Although enterprise subscribers to Office 365 typically use a large number of the in-the-cloud-and-on-premises suite's components, only two – email and the Office applications – provide significant value, a recently-released survey showed.
The disconnect between usage and value was portrayed by research firm Gartner, which in mid-2017 polled more than 160 IT professionals to collect opinions on Office 365 in the enterprise.
"There's a baseline of value to switching to the cloud, especially if things were expensive to manage [on premises]," said Craig Roth, a Gartner research vice president and the author of a report capitalizing on the survey. "But the real value comes when you start changing your work processes to take advantage [of Office 365] to its full extent."
In his report, How to Work With (or Compete Against) Microsoft Office 365, Roth reported that companies were widely using more than just the Office ProPlus applications - Word, Excel, PowerPoint and the like - and the Exchange Online-Outlook combination.
According to the survey results, six of 18 identified Office 365 elements were used by more than half of the respondents' companies, while another three were being used by more than 45% of the represented firms. The top two, at 88% and 82% were, not surprisingly, Office ProPlus, the locally-stored applications, and Exchange Online-Outlook, respectively. Following that pair, three - OneDrive for Business, SharePoint and OneNote - posted usage numbers in the 70s, while Skype for Business Online garnered 68%.
The fall-off from there was substantial: Teams (49%), Power BI (47%) and Yammer (46%). Then usage plunged again, falling from Yammer to the likes of Project Online (30%) and Delve (30%) before dipping into infrequent territory.
The numbers showed that Microsoft has largely succeeded in convincing customers to use more of the product than just the Office applications and email, Roth said. "I think Microsoft has shifted its focus a bit. A couple of years ago it was about adding technologies," Roth said, citing Teams as an example. "Recently, it's been a lot more about adoption and trying to get the suite used more often."
Yet usage, in whatever form, doesn't equate to value. That was one of the big take-aways from the poll, which unlike past iterations, asked respondents to parcel out points among the Office 365 bits and pieces. "To determine which components were most valued, we used a point allocation question that forced exactly 100 points to be spread across the components based on their value to the organization," Roth's report read.
The result: A cliff dive after the top two of Exchange-Outlook and Office ProPlus.
Email took top honors on the value chart, collecting an average of 33 of the 100 points, with Office next with 29. From there, it was only lackluster results. SharePoint, for example, which had scored 74% on the usage poll, received only 14 points on the value evaluation. The disparity between usage and value for OneDrive for Business was even larger; 79% on usage, 12 points on value.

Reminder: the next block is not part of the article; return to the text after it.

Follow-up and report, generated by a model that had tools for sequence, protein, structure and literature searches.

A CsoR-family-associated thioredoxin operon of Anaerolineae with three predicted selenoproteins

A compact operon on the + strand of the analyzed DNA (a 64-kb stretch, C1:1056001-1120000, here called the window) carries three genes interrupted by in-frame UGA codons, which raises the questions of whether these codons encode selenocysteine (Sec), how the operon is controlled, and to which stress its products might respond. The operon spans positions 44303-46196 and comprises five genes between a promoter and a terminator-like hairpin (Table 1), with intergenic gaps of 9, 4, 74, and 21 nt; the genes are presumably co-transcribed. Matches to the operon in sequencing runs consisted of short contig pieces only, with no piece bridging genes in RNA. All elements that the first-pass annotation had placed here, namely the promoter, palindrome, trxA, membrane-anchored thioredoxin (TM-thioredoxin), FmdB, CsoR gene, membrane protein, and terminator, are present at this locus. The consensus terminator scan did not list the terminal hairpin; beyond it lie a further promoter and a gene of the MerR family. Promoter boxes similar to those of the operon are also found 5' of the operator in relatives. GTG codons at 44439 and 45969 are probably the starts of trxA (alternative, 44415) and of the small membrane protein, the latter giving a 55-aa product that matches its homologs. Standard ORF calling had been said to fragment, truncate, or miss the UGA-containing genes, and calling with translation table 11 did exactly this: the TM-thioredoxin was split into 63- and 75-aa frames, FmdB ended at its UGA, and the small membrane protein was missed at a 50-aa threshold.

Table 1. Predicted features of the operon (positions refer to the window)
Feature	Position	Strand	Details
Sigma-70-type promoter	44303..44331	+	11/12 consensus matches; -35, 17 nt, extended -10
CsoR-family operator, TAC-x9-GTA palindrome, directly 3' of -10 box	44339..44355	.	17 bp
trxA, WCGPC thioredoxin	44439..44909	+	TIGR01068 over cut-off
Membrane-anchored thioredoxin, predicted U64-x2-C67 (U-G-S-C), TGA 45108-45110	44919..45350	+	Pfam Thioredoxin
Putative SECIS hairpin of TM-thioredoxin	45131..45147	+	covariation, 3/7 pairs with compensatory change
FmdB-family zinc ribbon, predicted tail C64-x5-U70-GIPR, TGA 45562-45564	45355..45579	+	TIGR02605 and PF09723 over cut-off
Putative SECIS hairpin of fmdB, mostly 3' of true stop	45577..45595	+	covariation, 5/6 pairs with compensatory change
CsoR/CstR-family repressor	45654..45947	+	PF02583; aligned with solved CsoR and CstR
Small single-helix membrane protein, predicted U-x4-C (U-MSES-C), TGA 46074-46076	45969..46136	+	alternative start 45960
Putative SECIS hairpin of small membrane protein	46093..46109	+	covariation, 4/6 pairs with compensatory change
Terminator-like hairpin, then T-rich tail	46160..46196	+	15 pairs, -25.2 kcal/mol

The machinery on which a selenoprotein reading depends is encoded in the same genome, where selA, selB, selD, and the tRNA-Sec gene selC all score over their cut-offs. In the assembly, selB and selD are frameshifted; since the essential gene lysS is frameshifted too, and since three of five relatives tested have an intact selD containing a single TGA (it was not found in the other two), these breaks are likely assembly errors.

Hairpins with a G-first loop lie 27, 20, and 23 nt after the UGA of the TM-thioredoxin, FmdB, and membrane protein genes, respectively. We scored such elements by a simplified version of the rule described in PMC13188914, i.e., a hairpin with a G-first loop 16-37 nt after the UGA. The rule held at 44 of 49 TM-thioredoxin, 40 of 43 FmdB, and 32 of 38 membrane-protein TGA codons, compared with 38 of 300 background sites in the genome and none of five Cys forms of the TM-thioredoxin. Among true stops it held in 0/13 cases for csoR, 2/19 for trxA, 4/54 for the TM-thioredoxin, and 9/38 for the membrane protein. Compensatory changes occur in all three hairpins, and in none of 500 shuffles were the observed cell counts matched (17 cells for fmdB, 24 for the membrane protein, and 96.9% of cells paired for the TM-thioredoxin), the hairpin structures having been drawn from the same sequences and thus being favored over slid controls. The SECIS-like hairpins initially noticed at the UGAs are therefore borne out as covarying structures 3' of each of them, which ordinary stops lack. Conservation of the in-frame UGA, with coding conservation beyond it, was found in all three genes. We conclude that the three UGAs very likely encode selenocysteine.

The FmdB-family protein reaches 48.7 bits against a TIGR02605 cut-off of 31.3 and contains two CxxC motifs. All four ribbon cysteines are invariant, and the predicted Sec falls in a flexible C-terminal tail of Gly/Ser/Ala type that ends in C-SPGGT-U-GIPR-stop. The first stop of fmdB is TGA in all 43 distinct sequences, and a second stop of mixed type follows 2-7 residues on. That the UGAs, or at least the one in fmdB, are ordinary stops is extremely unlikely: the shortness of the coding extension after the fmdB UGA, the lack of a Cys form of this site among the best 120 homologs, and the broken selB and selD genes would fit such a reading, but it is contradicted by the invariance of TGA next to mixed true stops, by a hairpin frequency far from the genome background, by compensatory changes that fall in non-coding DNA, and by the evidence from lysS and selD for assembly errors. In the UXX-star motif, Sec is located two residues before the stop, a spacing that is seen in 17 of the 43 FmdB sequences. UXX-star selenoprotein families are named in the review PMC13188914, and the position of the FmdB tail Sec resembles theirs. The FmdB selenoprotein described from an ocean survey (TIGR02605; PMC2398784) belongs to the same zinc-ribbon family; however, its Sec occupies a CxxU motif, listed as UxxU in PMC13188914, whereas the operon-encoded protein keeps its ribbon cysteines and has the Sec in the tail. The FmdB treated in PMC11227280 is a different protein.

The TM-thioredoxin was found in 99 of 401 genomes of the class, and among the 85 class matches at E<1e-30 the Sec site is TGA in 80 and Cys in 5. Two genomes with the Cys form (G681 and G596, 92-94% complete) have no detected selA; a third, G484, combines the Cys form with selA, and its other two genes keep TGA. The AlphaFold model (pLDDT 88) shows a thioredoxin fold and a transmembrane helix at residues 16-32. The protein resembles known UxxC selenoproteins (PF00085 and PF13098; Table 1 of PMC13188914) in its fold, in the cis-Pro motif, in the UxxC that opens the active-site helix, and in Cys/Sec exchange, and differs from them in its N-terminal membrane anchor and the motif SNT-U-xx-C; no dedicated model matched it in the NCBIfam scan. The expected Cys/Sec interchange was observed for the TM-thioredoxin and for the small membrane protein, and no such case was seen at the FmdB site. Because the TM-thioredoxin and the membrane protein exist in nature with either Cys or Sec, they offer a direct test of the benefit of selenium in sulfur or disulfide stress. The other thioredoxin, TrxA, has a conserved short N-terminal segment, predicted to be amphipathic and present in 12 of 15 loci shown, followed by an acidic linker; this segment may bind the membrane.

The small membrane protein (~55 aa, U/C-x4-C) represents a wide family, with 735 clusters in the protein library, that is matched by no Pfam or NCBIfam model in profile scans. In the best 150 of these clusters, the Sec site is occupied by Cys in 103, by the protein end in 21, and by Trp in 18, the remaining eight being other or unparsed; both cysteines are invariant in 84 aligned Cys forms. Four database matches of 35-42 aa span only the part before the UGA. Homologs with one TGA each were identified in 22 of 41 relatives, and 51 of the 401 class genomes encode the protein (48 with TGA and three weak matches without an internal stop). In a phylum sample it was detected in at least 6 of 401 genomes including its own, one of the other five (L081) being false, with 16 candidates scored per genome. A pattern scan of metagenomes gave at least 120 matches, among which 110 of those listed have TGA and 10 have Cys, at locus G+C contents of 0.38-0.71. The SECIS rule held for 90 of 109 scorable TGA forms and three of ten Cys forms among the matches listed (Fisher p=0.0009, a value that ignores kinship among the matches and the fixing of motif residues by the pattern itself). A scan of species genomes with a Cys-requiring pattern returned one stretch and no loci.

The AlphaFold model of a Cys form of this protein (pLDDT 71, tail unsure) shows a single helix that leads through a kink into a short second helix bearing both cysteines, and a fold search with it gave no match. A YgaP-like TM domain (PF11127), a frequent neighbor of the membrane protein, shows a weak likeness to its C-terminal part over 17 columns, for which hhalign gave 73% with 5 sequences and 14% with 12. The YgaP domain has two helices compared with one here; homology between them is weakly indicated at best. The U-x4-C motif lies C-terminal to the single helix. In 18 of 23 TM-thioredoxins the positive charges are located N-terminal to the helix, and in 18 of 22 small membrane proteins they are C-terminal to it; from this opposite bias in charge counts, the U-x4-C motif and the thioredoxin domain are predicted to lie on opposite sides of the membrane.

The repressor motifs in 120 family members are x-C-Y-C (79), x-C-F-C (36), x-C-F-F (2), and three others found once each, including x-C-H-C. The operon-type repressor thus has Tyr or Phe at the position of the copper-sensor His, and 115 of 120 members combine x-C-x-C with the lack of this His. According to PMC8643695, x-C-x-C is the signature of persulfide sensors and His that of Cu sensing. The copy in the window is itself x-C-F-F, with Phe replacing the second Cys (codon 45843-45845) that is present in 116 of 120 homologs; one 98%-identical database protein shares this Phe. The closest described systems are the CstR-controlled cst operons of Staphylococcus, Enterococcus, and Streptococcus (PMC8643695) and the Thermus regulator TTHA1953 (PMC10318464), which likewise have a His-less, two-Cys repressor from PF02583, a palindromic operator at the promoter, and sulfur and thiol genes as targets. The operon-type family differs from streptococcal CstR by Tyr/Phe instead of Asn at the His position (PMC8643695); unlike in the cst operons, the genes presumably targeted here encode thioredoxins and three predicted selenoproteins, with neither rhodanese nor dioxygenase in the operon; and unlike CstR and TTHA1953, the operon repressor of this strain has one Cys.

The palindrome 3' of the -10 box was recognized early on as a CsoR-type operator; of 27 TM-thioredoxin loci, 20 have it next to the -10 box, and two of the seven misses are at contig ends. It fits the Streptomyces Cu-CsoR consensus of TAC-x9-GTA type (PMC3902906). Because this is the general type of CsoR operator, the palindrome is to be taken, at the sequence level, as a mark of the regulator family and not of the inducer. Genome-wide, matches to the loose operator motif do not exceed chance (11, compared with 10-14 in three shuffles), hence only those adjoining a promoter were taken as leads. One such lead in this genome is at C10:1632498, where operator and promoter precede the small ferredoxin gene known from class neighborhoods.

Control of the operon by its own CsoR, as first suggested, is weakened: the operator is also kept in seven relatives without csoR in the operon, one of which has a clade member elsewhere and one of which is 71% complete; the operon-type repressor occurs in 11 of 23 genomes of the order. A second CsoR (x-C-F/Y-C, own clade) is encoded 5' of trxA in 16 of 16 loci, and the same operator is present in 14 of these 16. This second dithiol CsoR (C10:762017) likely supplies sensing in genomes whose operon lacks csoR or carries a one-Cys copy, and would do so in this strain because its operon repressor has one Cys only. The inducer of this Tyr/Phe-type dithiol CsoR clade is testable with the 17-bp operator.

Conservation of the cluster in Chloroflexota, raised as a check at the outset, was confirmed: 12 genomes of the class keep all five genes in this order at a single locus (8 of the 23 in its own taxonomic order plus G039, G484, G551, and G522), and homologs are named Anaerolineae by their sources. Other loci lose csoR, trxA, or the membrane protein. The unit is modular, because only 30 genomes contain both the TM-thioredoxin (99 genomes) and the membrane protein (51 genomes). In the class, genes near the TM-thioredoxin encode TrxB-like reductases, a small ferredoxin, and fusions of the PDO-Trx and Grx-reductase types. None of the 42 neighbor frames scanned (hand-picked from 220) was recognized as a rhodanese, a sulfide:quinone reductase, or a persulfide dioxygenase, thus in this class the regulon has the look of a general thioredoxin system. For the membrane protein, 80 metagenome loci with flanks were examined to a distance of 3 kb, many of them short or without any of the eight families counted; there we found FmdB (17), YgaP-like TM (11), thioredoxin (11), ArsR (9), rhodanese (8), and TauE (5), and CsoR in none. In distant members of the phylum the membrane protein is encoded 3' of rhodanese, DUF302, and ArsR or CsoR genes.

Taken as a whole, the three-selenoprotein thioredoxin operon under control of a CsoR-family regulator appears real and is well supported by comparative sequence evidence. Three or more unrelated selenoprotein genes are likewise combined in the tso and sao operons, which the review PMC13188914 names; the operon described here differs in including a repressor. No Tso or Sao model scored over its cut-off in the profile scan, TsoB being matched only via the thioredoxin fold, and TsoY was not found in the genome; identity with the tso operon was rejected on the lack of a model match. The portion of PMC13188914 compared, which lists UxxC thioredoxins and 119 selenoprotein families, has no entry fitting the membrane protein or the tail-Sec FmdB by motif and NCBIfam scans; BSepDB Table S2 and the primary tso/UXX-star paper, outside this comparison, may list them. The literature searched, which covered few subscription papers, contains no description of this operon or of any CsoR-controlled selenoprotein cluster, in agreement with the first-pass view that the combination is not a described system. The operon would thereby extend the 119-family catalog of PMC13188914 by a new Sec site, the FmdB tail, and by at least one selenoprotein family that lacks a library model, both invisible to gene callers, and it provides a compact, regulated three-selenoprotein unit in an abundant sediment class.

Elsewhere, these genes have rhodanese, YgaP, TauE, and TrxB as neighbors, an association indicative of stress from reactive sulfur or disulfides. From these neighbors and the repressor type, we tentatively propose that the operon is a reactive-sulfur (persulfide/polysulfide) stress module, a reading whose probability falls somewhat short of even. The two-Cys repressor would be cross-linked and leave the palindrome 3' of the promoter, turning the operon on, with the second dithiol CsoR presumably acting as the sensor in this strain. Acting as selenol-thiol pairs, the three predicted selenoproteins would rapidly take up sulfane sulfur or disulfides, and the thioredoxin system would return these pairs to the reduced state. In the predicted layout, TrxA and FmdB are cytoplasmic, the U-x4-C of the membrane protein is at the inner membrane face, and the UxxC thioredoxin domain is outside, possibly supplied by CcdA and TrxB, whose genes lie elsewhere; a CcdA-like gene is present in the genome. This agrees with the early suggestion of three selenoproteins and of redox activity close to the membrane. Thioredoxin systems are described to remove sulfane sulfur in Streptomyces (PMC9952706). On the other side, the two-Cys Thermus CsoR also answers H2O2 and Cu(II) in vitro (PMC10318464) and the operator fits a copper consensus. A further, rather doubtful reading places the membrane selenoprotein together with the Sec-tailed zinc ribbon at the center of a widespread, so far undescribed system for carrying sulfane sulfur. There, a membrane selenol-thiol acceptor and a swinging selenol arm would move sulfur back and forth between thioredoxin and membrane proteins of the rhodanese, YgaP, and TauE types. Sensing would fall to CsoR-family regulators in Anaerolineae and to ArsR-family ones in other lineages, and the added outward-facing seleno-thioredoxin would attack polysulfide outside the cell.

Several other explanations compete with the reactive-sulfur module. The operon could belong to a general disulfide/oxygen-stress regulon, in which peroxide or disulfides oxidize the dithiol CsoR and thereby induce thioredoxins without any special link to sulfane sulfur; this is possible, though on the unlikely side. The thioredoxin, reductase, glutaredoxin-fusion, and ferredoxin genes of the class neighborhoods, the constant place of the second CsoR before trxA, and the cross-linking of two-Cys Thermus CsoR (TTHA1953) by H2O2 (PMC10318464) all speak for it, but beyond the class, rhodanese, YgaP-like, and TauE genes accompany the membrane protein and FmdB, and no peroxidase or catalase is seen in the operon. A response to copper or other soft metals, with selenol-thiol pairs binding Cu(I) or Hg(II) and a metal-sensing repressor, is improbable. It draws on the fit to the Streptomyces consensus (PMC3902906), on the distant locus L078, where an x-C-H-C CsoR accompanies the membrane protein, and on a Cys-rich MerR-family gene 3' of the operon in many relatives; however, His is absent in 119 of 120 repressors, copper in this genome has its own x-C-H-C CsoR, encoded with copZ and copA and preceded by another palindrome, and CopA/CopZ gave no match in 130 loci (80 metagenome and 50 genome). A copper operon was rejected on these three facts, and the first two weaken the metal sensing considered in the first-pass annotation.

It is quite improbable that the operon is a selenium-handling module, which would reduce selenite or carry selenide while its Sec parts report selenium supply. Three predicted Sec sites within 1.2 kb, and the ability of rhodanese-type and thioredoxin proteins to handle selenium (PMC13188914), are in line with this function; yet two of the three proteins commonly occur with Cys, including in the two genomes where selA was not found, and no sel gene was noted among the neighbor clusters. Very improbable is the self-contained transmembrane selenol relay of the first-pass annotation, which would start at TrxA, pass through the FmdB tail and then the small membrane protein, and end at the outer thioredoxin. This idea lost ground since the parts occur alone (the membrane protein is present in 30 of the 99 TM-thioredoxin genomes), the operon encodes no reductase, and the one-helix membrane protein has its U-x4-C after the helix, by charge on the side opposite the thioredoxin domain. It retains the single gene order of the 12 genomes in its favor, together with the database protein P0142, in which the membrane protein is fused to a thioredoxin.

Clearly, not all Office 365 parts are equal.
"OneDrive for Business in particular stands out as frequently used but not as highly valued," Roth said in the report, adding that the high usage rate might stem from the fact that it's set as the default storage choice for Office. "But [that] doesn't guarantee full engagement with the product in other contexts."
Teams, Roth continued, is a component worth watching because it scored well - 49% on usage - even though it had been available for just eight months at the time the survey was conducted. However, Teams' value - just four points - was near the bottom of the list. That should change, as Microsoft executes its plan to fold Skype for Business (which had a value of 12 in Gartner's poll) into Teams. "[This year] will be a test of whether users can unlock the value in Teams," Roth said.
Values skewing toward the duopoly of email and Office apps didn't surprise Roth. Many enterprises simply aren't set up to tap the value of Office 365's other components, which are oriented toward "working in a collaborative, mobile and analytical fashion," as Roth put it. Or if they are ready and willing to work in such ways, they may not be able to. "It's often painful," he said of the effort to transform the way of doing things. "Even if you find individuals who would like to work that way, in teams, as a whole the company may not be ready to."
Enterprises realize that they're not getting all they can from Office 365, even if they don't know how to quantify what they're missing. Judging value is notoriously difficult, Roth argued. "To some degree, they never knew how much value they got out of these tools in the first place," he said, referring to on-premises precursors - those that existed - to Office 365.
"[Enterprises] know that lots of people are using it," Roth said of Office 365. "They can see that everyone is touching a part of it multiple times per week, even if they're not voluntarily using it."
Yet usage won't soon turn into value for the components other than the big two, Roth maintained. "Companies have to find a new way of working," he stressed. "They have to work more in teams, not store documents on [local] hard drives, and work from anywhere. That's when you start seeing the value of Office 365."
Microsoft might be leading customers toward a more collaborative, team-oriented and cloud-centric future, but a lot of Office 365 gets left on the table, value-wise, when a company declines - or outright refuses - to align with the software maker's vision.
That's why Microsoft is working to shove customers into its future. "Microsoft is making a very heavy push, trying to make sure [people are] using more and more of Office 365's components, and using them more often," said Roth.